I told him it was not fair that these schools that take on the greatest challenges, in the toughest neighborhoods, have the screws put to them. A teacher at one of these schools told me their principal is the heart and soul of their school, and yet they have been told they must fire their principal to qualify for a school improvement grant.
Mr. Duncan told me that the principal need not be fired if she had been there less than three years. (unfortunately, the principal has been there too long to use this loophole.)
I then said that the continued emphasis on boosting test scores made these schools focus too much on test prep. "Oh no, we don't want that," he said. "We are using a whole bunch of outcomes, like dropout rates, not just test scores."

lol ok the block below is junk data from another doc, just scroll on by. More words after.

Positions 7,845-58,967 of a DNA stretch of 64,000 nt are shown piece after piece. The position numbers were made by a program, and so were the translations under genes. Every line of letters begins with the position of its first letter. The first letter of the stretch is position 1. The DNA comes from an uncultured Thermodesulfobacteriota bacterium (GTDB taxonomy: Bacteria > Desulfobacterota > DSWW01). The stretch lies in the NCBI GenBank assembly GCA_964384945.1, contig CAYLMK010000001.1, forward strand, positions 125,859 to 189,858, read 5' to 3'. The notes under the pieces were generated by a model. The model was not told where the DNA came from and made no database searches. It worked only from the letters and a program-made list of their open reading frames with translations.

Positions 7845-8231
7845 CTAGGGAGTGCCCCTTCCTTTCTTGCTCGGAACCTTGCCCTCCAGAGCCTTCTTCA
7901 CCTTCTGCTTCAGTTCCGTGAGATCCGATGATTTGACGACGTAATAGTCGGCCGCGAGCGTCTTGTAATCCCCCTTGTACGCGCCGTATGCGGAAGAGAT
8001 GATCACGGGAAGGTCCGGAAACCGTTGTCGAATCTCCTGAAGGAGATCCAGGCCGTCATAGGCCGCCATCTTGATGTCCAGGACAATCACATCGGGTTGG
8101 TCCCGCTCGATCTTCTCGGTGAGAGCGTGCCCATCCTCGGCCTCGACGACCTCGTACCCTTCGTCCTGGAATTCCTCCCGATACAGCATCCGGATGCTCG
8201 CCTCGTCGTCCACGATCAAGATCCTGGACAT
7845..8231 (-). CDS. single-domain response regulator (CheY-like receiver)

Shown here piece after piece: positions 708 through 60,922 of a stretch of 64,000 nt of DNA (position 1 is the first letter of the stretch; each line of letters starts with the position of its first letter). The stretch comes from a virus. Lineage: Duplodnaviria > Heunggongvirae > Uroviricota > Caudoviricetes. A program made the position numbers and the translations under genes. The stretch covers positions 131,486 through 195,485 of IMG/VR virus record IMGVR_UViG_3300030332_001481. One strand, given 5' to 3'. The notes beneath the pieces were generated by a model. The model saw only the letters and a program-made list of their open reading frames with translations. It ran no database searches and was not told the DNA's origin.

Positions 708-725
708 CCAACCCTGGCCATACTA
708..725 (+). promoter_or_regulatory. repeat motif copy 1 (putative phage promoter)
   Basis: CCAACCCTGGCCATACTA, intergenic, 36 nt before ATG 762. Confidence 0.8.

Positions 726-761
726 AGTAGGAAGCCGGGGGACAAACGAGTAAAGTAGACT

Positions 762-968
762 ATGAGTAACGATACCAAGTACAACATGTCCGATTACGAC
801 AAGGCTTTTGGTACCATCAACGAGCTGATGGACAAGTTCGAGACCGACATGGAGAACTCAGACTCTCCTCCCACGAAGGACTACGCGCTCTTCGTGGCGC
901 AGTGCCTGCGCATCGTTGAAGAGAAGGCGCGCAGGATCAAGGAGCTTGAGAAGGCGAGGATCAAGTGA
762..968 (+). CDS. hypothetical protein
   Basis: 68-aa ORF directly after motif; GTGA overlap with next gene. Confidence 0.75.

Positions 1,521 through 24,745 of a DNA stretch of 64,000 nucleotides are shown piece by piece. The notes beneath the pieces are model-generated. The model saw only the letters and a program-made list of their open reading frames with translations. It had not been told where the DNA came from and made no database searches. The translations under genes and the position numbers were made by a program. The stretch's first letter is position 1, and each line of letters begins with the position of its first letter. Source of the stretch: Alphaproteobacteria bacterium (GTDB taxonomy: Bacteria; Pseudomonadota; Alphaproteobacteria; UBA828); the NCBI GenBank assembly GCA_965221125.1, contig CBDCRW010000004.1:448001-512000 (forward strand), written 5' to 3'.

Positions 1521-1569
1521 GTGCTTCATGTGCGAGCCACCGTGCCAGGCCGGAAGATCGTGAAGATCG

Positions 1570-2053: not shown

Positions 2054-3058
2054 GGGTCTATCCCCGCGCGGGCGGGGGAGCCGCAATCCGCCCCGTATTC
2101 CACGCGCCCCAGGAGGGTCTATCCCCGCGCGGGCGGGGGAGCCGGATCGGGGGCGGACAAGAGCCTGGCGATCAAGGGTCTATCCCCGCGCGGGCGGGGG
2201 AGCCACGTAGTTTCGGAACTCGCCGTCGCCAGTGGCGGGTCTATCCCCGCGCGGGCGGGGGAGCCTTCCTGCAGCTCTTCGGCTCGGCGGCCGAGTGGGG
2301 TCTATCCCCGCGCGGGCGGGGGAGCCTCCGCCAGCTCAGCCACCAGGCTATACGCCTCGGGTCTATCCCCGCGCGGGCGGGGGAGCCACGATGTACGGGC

I was honestly a bit incredulous at this point. I said "These schools are on this list because they haven't made AYP. The biggest factor in AYP is test scores."
Secretary Duncan responded, "But we are going to get rid of AYP."
I will have to investigate this. I have been under the impression that test scores remain hugely important in designating schools as being in need of restructuring.
That should be a pretty quick and easy investigation.
This takes me back to the many "evil or stupid" debates that characterized life in the Bush administration. In this case, I'd put my money on Arne being stupid and the people advising him being evil.
But also, they simply don't get out enough at this point. In particular, policymakers are losing track of how interventions are being piled on top of interventions -- increasingly piled on top of other interventions that are beginning to work (at least in terms of what's being measured). The low-hanging fruit, the stereotypical urban school locked in stasis and quietly failing for 20 years barely exists anymore.